If you slip and fall at the front entrance of a store that did not keep the sidewalk free of ice and you are hurt, then you might want to sue the store for damages.

To Enforce Property Rights

People take property ownership seriously, as they should, making suing over property rights a common type of lawsuit.

o
o

For example, did someone extend his fence over your property line or are the property boundaries unclear?

Did a storage locker sell your items without telling you?

Was the sale of your home not properly recorded with the appropriate government agency?

Sometimes property disputes can be resolved with a face to face meeting, but often they land in court.

Some Issues to Consider Before You Sue

If you decide that you have no choice but to sue, here are a few things to consider first:

How Solid is Your Case?

For you to be successful when you sue someone, you have to have a cause of action. This means that you must have enough facts to justify your right to sue to obtain damages.

You may have fallen in a store and gotten hurt, but to win your case, you will have to prove that the store failed in its responsibility to provide for your safety.

Is Suing Really the Only Option?

Have you approached the other person or business to see if you can come to some sort of agreement or settlement without going to court?

Some disputes can be resolved simply by communicating with the other party through a letter, known as a demand letter, outlining what happened and what settlement you are willing to take. Or you can try to come to an understanding through a face to face meeting. After all, most people do not want to be sued.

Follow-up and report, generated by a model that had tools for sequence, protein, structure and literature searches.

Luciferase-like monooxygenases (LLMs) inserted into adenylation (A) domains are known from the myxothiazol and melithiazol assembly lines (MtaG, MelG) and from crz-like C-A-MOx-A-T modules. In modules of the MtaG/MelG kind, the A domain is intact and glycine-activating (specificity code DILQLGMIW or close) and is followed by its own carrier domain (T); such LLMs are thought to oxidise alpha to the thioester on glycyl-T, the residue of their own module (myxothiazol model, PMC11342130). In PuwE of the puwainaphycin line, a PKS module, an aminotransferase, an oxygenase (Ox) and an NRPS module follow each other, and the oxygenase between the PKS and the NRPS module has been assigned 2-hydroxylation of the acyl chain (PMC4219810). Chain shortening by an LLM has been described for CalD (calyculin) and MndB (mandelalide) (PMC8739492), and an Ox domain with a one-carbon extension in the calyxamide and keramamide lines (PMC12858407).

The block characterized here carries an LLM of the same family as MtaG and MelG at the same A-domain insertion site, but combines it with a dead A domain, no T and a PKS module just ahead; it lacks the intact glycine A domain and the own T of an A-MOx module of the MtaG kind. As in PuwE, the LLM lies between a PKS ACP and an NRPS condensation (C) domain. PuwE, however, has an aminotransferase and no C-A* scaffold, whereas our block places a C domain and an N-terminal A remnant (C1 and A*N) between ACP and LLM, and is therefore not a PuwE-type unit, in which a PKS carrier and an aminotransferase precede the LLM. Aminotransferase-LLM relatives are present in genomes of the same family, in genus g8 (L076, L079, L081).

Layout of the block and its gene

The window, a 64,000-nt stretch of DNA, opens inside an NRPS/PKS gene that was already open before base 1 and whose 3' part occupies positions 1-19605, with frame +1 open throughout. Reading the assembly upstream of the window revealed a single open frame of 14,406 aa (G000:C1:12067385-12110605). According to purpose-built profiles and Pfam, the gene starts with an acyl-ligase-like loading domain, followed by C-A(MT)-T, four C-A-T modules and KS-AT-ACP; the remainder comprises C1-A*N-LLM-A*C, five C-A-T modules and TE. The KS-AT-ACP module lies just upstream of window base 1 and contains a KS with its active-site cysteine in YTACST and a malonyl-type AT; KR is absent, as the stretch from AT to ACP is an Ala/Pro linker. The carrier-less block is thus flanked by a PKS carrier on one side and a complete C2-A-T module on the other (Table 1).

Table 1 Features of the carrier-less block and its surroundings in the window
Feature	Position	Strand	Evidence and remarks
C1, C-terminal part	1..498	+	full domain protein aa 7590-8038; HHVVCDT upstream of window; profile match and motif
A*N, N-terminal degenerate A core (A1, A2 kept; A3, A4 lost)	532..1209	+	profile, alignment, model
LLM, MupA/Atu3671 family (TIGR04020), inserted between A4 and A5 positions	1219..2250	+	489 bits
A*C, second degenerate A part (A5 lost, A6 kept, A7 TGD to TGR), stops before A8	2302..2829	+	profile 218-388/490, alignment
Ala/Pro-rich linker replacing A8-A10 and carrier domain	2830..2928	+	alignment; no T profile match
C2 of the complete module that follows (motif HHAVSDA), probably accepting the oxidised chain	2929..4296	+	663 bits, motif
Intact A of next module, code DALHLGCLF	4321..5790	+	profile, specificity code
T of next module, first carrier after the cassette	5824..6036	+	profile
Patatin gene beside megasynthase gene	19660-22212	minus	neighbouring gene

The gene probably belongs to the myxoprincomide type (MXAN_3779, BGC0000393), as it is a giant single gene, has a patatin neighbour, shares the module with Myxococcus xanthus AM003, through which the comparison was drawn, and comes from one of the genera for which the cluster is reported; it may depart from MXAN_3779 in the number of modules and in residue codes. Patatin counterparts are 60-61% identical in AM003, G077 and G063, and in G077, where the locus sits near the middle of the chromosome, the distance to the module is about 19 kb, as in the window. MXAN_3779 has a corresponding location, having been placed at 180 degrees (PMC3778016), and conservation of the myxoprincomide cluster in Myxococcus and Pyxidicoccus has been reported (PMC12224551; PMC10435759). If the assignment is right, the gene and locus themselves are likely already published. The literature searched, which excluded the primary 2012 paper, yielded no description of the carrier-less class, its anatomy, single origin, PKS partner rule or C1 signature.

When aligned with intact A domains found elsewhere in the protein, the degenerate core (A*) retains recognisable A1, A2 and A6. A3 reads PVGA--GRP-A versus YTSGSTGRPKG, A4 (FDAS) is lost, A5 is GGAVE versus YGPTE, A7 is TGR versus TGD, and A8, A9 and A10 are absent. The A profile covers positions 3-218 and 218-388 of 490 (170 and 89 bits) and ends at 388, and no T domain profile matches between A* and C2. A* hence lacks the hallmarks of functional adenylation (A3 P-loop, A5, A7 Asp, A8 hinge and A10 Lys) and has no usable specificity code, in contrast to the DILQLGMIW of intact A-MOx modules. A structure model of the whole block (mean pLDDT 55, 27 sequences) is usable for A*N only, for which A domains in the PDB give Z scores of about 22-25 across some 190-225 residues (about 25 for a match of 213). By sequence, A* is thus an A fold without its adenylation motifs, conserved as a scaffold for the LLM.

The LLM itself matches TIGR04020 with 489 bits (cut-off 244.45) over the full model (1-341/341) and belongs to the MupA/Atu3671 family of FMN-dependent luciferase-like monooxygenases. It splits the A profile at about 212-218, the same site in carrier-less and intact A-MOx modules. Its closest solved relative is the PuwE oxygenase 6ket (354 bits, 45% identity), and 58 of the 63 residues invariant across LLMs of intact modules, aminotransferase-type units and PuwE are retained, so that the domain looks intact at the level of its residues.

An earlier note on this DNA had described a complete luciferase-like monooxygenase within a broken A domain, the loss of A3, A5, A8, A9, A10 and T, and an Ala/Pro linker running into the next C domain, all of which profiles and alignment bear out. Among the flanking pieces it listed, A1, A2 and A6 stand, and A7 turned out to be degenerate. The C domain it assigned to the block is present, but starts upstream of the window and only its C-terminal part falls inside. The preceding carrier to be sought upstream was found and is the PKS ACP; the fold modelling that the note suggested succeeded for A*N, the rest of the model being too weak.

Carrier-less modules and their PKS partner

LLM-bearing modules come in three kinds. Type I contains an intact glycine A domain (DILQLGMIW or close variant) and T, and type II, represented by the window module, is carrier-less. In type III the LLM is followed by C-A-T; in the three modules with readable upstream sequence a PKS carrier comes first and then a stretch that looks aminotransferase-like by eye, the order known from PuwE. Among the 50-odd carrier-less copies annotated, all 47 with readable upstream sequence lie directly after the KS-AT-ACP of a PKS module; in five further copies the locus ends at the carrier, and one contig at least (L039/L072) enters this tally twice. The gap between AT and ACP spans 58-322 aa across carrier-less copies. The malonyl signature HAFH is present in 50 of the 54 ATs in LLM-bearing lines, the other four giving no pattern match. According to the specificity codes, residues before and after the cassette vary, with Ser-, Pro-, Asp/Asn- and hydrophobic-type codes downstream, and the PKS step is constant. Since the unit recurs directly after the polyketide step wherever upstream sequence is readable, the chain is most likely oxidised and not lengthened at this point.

Of course, a letter or an in person meeting may not do any good. Suing the other person or entity may be the only way to get the damages that you deserve.

legal

Will You Be Able to Collect Damages if You Win?

Large companies are usually worth suing if you have a legitimate cause of action because they have significant resources. If you win your case, you have a good chance of collecting your money.

Florida small businesses and individuals are another matter. They often do not have the financial means to pay damages and may not be worth suing unless you just want some justice without a monetary award.

A lawsuit is not cheap. Before you hire an expensive lawyer, make sure that the person/business you are suing will be able to pay if you win.

Can You Afford a Lawyer?

Some attorneys take on clients on a contingency basis, meaning that if you lose your case you owe your lawyer nothing. Most lawyers, however, charge by the hour, anywhere from $300 to $500 per hour, depending on your location and type of lawsuit. Hourly attorneys are also notorious for charging for every single minute of their time.

As a result, lawyer fees can add up very quickly. If you lose your case, you can still be on the hook for thousands of dollars in attorney fees.

Contact Us

If you have been wronged and want to sue but are not sure about how to do it, then now it is time to talk to an experienced, affordable Florida attorney who can help. Complete our form at the top of the page, and we'll be in touch shortly. Best of all, it won't cost you an arm and a leg.

o
o


o
o

Legal Fairness for All | Copyright (c) 2002-2022. All rights reserved.

The content provided on this site is informational only. It is not legal advice from a lawyer, does not constitute a lawyer referral service, and no attorney-client or confidential relationship is or will be formed by use of the site. Users of this website should contact an attorney to obtain advice with regard to any specific legal issue.

o